Note: This is an archived Handbook entry from 2016.
|Dates & Locations:
This subject has the following teaching availabilities in 2016: February, Parkville - Taught on campus.
|Pre-teaching Period Start
|25-Feb-2016 to 29-Apr-2016
|Assessment Period End
|Last date to Self-Enrol
|Last date to Withdraw without fail
Timetable can be viewed here. For information about these dates, click here.
|Contact Hours: 30 hours
Total Time Commitment:
|Recommended Background Knowledge:
|Non Allowed Subjects:
|Core Participation Requirements:
For the purposes of considering request for Reasonable Adjustments under the Disability Standards for Education (Cwth 2005), and Students Experiencing Academic Disadvantage Policy, academic requirements for this subject are articulated in the Subject Description, Subject Objectives, Generic Skills and Assessment Requirements of this entry.
The University is dedicated to provide support to those with special requirements. Further details on the disability support scheme can be found at the Disability Liaison Unit website.
This subject is a compulsory subject within the Master of Public Health. It lays the foundation for the degree and aims to orientate students to the field of public health. The subject provides a critical overview of public health theory and practice in three parts:
Part A: Paradigms
Part B: Systems & Strategies, and
Part C: Priority Setting & Value for Money
Part A: The fundamental historical and conceptual underpinnings of public health are surveyed. Public health practice is situated in the context of broader social issues concerning the underlying socio-economic determinants of health and disease and the drivers of inequity. The population approach is distinguished from one based on the individual.
Part B: The key multi-disciplinary strategies used by public health practitioners to develop and strengthen health systems are introduced, with a focus on the relationship between effective interventions and the varying resource settings in which they are implemented.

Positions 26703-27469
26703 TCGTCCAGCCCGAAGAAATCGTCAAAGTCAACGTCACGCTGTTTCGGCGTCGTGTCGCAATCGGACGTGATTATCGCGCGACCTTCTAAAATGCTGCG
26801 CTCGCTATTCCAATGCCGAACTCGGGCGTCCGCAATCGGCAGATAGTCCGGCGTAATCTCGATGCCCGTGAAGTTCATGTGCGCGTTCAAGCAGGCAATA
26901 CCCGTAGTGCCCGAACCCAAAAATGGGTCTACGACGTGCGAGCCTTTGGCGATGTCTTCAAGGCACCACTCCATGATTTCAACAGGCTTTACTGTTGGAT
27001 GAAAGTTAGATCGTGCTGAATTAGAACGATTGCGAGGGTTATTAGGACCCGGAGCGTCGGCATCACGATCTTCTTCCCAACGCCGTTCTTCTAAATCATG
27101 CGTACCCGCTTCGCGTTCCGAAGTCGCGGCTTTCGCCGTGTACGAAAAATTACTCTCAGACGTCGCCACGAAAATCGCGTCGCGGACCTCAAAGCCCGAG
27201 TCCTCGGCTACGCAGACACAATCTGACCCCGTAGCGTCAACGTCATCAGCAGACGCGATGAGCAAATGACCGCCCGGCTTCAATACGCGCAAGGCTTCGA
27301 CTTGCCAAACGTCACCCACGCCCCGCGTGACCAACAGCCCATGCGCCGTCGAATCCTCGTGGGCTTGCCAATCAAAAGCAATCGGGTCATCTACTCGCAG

Part C: The importance of priority setting in the allocation of resources is explored with a view to achieving best value for money in public health interventions.
Throughout the subject, students will become familiar with the leading frameworks, theories and approaches that differentiate public health from other approaches to health care by engaging with contemporary public health challenges faced both within Australia and overseas.
At the completion of this subject, students should be able to:
- Describe the principal population-based approaches to health and distinguish them from individual-based approaches.
- Discuss the historical development of population-based concepts and organised approaches to health and how this has influenced current health services.
- Describe how the organised, population-based approaches to health are applied in a number of wealthy and developing countries.
- Critically examine how the factors affecting the application of organised population-based approaches to health differ in these various wealthy and developing countries
- Describe the concept of priority setting with which governments and societies must engage to most improve the health of their citizens with the funds and resources that are available
- Apply the concept of priority setting to a specified health area in a setting of constrained resources.
- One 1000 word short critical analysis to be submitted in week 6 (20%)
- One 50-minute multiple choice test on last teaching day (20%)
- One 3,000 word essay due in week 12 (60%)
This subject is not available as a breadth subject.
|Subject EFTSL, Level, Discipline & Census Date
Upon completion of this subject, students will have developed skills in:
- Critical thinking and analysis
- Oral communication
- Written communication
- Finding, evaluating and using relevant information
- Persuasion and argumentation
|Links to further information:
Master of Public Health
Electives in the Master of Veterinary Public Health (Emergency Animal Disease)
Environment and Public Health
Epidemiology and Biostatistics
Gender and Women's Health
Health Economics and Economic Evaluation
Health Program Evaluation
Health Social Sciences